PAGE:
The Dodge produced by the company during World War II won soldiers’ respect for its tough straight-six engine that produced 230 horsepower, a single-speed transfer case, and four-wheel drive.

WC was also widely used as the basis for several configurations in World War II.

These included low-profile convertible troop carriers with collapsible windshields and open bed areas, weapon carriers equipped with anything from a M1918 Browning automatic rifle to a M3A1 37mm anti-tank gun.

Sargo trucks to supply frontline units, and radio trucks to ensure communication was kept even during battles.

One of the most notable variations was the WC-54, the army’s regular ambulance, distinguished by its large metal cab and huge red cross.

This vehicle could take four stretchers or six seated patients to field hospitals at up to 55 mph, according to the National World War II Museum.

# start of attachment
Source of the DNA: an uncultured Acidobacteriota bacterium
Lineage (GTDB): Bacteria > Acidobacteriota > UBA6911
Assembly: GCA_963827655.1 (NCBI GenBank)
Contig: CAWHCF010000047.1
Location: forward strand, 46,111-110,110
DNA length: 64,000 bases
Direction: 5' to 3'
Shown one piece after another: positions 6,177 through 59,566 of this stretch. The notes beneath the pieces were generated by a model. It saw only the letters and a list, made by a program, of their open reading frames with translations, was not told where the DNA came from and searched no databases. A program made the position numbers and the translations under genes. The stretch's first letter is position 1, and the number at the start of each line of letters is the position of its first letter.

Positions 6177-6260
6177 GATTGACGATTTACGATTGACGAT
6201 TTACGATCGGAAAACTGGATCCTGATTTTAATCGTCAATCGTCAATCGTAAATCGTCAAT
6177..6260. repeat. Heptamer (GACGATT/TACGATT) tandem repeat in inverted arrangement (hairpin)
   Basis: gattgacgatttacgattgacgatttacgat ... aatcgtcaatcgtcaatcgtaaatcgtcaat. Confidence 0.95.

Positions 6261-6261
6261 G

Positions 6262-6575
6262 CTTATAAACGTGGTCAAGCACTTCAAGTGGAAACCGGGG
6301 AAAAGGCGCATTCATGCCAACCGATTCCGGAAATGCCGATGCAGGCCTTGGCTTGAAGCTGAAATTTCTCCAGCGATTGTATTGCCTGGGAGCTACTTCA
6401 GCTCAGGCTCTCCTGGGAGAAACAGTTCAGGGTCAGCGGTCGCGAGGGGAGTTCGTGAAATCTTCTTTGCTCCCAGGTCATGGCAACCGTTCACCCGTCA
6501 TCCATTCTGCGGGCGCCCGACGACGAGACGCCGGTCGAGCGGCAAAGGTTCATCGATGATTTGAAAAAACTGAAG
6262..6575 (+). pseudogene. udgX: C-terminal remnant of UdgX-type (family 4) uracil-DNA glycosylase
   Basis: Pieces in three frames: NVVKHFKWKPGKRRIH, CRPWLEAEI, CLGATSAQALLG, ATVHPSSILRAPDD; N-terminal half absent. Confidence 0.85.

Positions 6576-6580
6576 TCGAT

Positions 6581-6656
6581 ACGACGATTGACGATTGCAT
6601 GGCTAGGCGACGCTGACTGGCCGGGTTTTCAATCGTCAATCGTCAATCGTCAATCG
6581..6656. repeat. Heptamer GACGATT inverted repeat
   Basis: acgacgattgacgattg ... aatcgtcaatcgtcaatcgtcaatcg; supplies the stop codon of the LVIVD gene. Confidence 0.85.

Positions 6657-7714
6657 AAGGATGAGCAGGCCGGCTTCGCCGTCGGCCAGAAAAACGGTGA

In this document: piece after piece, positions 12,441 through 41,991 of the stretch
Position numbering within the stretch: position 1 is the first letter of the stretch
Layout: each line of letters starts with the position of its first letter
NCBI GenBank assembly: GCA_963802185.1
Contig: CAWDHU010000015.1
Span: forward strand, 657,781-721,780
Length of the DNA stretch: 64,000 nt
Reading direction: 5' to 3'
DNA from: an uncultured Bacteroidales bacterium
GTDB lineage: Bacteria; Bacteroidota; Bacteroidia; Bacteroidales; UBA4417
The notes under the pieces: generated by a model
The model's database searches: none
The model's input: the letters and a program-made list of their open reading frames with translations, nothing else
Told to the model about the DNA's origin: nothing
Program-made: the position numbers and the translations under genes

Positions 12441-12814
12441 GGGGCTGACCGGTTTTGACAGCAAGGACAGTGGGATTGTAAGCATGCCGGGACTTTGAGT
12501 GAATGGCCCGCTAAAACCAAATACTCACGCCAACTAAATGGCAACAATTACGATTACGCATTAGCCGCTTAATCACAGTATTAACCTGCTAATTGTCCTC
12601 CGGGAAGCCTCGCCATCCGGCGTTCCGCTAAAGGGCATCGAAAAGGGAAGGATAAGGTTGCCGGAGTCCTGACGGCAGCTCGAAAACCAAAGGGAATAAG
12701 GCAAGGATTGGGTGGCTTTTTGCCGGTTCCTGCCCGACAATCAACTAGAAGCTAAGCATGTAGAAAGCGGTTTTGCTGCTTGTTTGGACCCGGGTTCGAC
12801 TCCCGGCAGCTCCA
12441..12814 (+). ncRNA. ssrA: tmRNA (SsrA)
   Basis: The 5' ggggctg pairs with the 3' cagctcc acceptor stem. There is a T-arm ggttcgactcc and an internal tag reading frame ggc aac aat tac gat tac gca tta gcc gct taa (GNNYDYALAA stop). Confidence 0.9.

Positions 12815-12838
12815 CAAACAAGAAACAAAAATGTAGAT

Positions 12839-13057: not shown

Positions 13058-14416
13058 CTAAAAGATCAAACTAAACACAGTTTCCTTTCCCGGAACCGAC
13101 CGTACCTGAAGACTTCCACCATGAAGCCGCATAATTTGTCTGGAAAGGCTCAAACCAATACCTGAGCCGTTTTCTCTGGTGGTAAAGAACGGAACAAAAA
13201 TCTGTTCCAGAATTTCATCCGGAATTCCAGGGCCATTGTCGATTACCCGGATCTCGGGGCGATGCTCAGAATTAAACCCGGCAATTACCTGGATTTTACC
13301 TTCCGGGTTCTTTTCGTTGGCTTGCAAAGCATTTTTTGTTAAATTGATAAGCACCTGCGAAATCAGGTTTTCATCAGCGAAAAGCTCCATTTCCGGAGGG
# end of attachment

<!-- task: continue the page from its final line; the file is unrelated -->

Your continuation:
The Dodge Power Wagon Reinvented the Civilian Truck Market

Returning veterans from Europe and the Pacific theaters after World War II brought home with them an immense fondness for WC series trucks, as Hemmings (an automotive site) reported.

As a result, farmers, miners, construction workers, and other industrious Americans eagerly seized upon these military surplus units in droves.

In response to this demand, Dodge introduced a civilian version of the Power Wagon in 1946.

The Power Wagon has not changed much from the military WC series, according to notes by Motor Trend, but has essentially a 1930-era cab mounted on an existing military chassis. 

Brandt Rosenbusch, who works as a historian for Stellantis (Ram’s parent company), stated that Power Wagon was mainly sold to utilities firms and farmers.